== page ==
By: James Bonadies
Local businesses are the pillars of our communities. They’re the places we see every day as we go about our lives, giving our neighbourhoods their unique vibes. Businesses where we know the owners by name and don’t need a menu before placing an order are the lifeblood of our local communities. Now with the rapid proliferation of corporate big box stores and e-commerce—and, more recently, the COVID-19 pandemic—our local businesses are being threatened. But there’s an opportunity in this crisis for those who are willing to grasp it: we can help local businesses survive and thrive, and make money in the process. I’ll show you how.
How local businesses benefit communities
Small businesses make up 99.9% of all businesses in the United States, where they keep wealth within our communities, our municipal coffers solvent, and people employed.
According to the U.S. Small Business Administration, small businesses have generated more than eight million new jobs since the turn of the millennium — twice as many as corporate giants.
Our neighbourhood businesses pay local taxes and are not subject to big corporate tax breaks, which means they help generate revenue for our schools, streets, and public works.
Local businesses are hotbeds of diversity, since 29% of them are minority-owned.
How to help local businesses and make money, too
There are 29 million businesses in the United States alone, and they all need the same thing: customers. This is where you can help: become a bridge between local businesses and the customers they need to survive will not only better the commercial landscape in your community, it will also allow you to develop your own local business in the process.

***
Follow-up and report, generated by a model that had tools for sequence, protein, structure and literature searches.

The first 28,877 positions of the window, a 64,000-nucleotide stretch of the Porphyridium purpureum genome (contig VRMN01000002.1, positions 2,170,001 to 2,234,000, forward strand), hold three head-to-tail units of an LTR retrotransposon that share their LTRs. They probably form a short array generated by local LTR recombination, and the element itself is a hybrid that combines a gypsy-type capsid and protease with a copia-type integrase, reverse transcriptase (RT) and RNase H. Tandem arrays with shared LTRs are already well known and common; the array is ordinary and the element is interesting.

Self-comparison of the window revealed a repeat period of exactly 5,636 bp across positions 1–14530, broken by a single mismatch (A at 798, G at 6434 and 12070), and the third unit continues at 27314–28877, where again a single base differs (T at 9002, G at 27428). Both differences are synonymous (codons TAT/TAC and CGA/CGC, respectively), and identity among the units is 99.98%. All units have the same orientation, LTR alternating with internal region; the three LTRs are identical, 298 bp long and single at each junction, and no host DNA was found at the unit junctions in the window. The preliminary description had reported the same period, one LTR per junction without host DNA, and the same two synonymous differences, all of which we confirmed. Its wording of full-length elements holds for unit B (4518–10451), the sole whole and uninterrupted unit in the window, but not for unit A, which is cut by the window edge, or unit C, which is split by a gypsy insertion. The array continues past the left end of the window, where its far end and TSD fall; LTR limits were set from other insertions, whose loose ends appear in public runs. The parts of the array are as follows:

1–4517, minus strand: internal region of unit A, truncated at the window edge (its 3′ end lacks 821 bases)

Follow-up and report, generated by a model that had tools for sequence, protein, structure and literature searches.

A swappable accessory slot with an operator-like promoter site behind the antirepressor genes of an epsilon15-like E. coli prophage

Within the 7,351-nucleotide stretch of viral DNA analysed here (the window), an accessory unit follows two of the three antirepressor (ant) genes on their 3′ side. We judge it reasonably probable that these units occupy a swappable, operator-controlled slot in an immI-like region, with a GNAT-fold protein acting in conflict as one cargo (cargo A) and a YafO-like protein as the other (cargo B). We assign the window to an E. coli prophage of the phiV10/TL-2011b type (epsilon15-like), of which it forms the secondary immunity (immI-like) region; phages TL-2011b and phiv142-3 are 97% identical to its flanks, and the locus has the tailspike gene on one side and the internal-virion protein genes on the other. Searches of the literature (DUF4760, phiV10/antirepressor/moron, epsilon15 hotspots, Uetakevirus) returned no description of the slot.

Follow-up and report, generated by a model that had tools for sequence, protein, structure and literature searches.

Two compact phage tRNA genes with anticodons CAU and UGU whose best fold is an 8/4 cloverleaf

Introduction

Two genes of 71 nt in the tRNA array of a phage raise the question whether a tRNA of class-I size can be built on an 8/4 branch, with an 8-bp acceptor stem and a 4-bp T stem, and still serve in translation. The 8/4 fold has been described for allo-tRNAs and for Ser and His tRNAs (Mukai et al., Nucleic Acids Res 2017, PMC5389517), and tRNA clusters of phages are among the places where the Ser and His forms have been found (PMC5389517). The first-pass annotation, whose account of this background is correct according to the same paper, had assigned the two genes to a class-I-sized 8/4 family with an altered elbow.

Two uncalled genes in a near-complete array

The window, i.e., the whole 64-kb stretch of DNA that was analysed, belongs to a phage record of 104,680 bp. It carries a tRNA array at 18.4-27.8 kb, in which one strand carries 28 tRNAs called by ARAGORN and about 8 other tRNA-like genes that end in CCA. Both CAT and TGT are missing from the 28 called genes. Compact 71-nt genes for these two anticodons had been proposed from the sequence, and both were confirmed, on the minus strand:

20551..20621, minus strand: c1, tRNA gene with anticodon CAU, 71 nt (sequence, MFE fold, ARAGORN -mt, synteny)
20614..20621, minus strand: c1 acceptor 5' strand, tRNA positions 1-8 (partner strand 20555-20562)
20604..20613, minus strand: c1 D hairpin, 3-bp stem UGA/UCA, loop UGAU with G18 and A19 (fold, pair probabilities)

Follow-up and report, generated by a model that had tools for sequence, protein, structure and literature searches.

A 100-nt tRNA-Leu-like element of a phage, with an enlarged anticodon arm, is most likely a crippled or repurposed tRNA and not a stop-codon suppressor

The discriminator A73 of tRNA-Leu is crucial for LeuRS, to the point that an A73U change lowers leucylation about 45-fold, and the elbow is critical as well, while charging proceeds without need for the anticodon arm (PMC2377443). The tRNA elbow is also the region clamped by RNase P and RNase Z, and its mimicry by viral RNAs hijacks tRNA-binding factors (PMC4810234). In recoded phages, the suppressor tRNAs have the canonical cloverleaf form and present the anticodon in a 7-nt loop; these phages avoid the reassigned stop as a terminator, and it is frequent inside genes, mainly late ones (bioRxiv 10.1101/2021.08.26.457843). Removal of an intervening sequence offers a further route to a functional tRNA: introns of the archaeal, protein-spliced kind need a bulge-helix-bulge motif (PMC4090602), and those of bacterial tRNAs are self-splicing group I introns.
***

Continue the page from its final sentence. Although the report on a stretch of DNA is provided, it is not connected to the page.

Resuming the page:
How can you start doing this?
1. Start local, stay local.
We all think we know our neighbors, but when was the last time you schlepped over to the local hardware store instead of going to Lowes? Do the workers at your neighborhood diner know you by name? Are you up to date on the challenges that the local businesses in your community currently face?
Hit the streets and get to know your local entrepreneurs. Participate in meet-ups and events. Shake hands, make friends, and pass around your business cards.
2. Use your personal social network.
Since your focus is on the businesses in your community, start as local as you can get: your inner circle. Do you have an old buddy who manages a restaurant? Does your brother-in-law own a bar? Does your mother gab with the gals at the hairdresser? In local communities, people talk. Put out the word that you can help these local businesses get more customers and watch the referrals roll in.
3. Offer a service that local businesses already need and want.
If you follow my directions, you’ll be providing a service that most entrepreneurs desperately need. By leveraging simple communications technologies that you’re already using in new ways, you’ll increase your clients’ online visibility.
4. Activate the Baby Yoda strategy.
When you get your first client, start by offering simple services, then scale up as you prove your worth and build trust. For your first contract, offer a service like providing positive reviews on Google Maps. You can gradually offer more advanced services, and watch your income rise exponentially.
5. Take a training course.
I’ve made over seven figures per year operating a bridge business in my community and you can, too. It is important to find a training course that will show you exactly how to do this, and an expert who can coach you through each step on your path to success.
Become a neighborhood savior
Imagine for a moment what your community would be like without local businesses. If the only places to shop, dine, and hang out were big box stores and monotonous chains. Local businesses not only stimulate local economies, they also invigorate tax bases, provide jobs for your friends and neighbors, and make your community vibrant, unique, and full of flavor.
All over the country our local businesses are in trouble, so do your part to help them stay alive … and make yourself a little money while you’re at it.
Local Marketing Vault